As much as people will squander $1000 on a new iPhone, the really impactful tech, such as a liver transplant, is not available to you … unless you can afford to pay for health insurance and many, many people cannot.

So, AI in and of itself will not necessary oppress ordinary people, coercing our labor for the benefit of the elites, but if rich people have any say in the future, my bet is that a sizable amount of AI will be used for just that purpose. (Jeff Bezos has already begun the application.)

August 18, 2018

Why Are We So Afraid?

On Quora, this question was posed: Why are so many Americans “tough on crime”?

One of the answers started this way:

“Americans are terrified.

“The United States of America is a nation of the coward, by the coward, and for the coward. Americans are the most frightened people you will find anywhere in the world.

“We are scared of everything. We’re scared of terrorists. We’re scared of immigrants. We’re scared of criminals. We’re scared of GM food. We’re scared of Muslims. We’re scared of brown people. If you come from any other industrialized country, and you’ve never lived in the US, it’s hard to understand the pervasive sense of fear that Americans live in.

“Americans are frightened, and this fear makes us cruel and mean.”

I immediately thought of the campaign to criminalize being a Black male (not just “driving while Black,” but existing while Black). As Jim Crow laws lost their footing in this country, some way had to be created to control Black people, especially Black men (just had to). After emancipation, one strategy was to criminalize the state Black people found themselves in. Vagrancy laws alone caused a great many Black men to be incarcerated and because they were poor and couldn’t pay their fine, they had to work off their fine … and room and board in the county jail. Voila, de facto slavery all over again. When these laws because unacceptable to society at large, the approach became “lock them up” on a much larger scale. Crimes that Blacks might commit had much longer penalties than if whites committed them. (Remember the crack cocaine sentences that were ten times longer than if powdered cocaine were involved? Guess which “possession crime” Blacks were more likely to be caught for.)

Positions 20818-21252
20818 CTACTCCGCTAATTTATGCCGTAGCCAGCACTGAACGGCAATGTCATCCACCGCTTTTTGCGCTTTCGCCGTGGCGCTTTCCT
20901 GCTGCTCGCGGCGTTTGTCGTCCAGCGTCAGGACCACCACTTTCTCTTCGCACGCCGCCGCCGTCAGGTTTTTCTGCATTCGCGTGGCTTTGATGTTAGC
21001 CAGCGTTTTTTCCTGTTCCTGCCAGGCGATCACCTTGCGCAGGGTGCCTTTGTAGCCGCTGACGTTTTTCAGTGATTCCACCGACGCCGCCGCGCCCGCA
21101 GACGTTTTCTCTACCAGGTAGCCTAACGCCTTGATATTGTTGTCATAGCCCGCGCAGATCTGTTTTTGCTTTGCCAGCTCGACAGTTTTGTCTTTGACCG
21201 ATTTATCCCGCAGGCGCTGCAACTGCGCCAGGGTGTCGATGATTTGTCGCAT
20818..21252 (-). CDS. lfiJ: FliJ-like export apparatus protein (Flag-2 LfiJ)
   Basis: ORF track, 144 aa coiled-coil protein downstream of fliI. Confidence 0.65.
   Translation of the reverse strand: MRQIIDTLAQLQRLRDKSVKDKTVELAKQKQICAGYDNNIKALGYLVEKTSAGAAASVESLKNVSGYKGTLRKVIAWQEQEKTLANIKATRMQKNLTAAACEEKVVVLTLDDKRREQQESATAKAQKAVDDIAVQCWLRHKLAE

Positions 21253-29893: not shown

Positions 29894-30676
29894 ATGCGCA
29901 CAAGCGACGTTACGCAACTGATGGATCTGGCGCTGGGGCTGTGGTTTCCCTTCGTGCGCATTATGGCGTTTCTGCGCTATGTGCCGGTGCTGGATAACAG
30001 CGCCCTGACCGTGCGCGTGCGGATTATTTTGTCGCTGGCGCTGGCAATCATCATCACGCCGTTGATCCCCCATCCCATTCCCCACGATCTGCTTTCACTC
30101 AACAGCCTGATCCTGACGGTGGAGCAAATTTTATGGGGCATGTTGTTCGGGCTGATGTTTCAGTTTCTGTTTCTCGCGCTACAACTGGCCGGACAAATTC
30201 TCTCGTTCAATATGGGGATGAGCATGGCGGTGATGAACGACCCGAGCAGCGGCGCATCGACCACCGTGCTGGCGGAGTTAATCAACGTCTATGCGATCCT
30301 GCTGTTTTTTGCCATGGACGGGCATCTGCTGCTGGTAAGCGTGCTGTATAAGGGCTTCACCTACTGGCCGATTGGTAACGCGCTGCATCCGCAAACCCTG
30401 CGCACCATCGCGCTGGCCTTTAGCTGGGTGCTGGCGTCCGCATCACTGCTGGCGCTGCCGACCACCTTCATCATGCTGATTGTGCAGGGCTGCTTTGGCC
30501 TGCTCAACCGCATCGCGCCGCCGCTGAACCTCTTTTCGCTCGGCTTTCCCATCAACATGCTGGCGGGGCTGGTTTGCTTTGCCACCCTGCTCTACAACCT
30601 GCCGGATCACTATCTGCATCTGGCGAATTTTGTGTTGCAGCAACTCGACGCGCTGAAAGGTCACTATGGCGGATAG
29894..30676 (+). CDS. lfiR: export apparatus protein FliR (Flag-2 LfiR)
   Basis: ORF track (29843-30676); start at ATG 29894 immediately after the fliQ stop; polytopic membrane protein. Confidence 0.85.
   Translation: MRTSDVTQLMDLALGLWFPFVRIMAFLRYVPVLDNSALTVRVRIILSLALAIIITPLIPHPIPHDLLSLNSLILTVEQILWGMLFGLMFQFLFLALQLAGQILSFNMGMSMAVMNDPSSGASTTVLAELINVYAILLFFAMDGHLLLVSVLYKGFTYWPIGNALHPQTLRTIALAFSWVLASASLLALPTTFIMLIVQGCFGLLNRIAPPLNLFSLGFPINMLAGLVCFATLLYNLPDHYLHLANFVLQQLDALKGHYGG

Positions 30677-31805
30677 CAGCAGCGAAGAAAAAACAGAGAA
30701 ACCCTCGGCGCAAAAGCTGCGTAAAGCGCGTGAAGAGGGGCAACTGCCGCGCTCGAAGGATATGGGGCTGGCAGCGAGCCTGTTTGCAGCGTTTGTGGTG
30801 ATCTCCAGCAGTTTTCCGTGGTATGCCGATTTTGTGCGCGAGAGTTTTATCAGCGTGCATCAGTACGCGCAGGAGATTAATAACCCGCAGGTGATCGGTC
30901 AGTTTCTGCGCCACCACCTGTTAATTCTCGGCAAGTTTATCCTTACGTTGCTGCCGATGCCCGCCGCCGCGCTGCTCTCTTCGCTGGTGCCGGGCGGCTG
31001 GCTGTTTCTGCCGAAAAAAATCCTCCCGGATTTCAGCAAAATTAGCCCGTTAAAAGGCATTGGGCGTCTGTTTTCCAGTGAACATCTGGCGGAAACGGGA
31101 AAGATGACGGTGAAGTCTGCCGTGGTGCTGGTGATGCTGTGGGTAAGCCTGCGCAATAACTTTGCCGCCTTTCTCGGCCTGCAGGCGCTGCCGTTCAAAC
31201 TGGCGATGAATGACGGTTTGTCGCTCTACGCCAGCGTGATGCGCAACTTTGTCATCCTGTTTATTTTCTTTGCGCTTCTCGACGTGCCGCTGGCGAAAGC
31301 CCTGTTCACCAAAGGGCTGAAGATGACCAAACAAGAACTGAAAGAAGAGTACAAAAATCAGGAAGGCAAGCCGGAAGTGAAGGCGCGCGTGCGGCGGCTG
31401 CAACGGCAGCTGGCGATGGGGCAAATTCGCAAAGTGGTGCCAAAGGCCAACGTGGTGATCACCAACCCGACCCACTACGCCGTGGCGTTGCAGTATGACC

It has become our habit, through long exposure, to motivate ourselves to do anything politically by using fear. The message is “we must change because, if we don’t, something really bad will happen.”

Consider education: the report A Nation at Risk, claimed (erroneously) that our poor education system was dooming our country to second tier status … gasp, or worse! Also in education, the fear that girls were falling behind boys in math was promoted heavily at the exact moment at which girl’s math test scores had become equal to those of boy’s. (No mention was made of boy’s English language scores being much lower than girls, that was just “boys being boys.”)

The early environmental movement went to inflated extremes to gain attention. We were told we needed to “save the planet” as if it were at risk and not us.

Our “news media” haven’t helped one bit. They are not in the business of putting things in perspective, rather they are in the business of selling their wares. And the wares that sell are often the most alarming, most lurid, and most outlandish of stories.

Fear mongering is a booming business in this country.

And we are all paying for this by having fear dominate our lives. Donald Trump’s presidential campaign was based solely upon fear. The slogan “Make America Great Again” implies we were great once, but are no longer …. but we could be again, just vote for me. Was there any analysis of this opinion? If a survey of world citizens were to ask the question “Which nation is the most powerful currently?” do you not think the USA would be voted to the top? (And if you didn’t so vote, would you expect to be invaded?)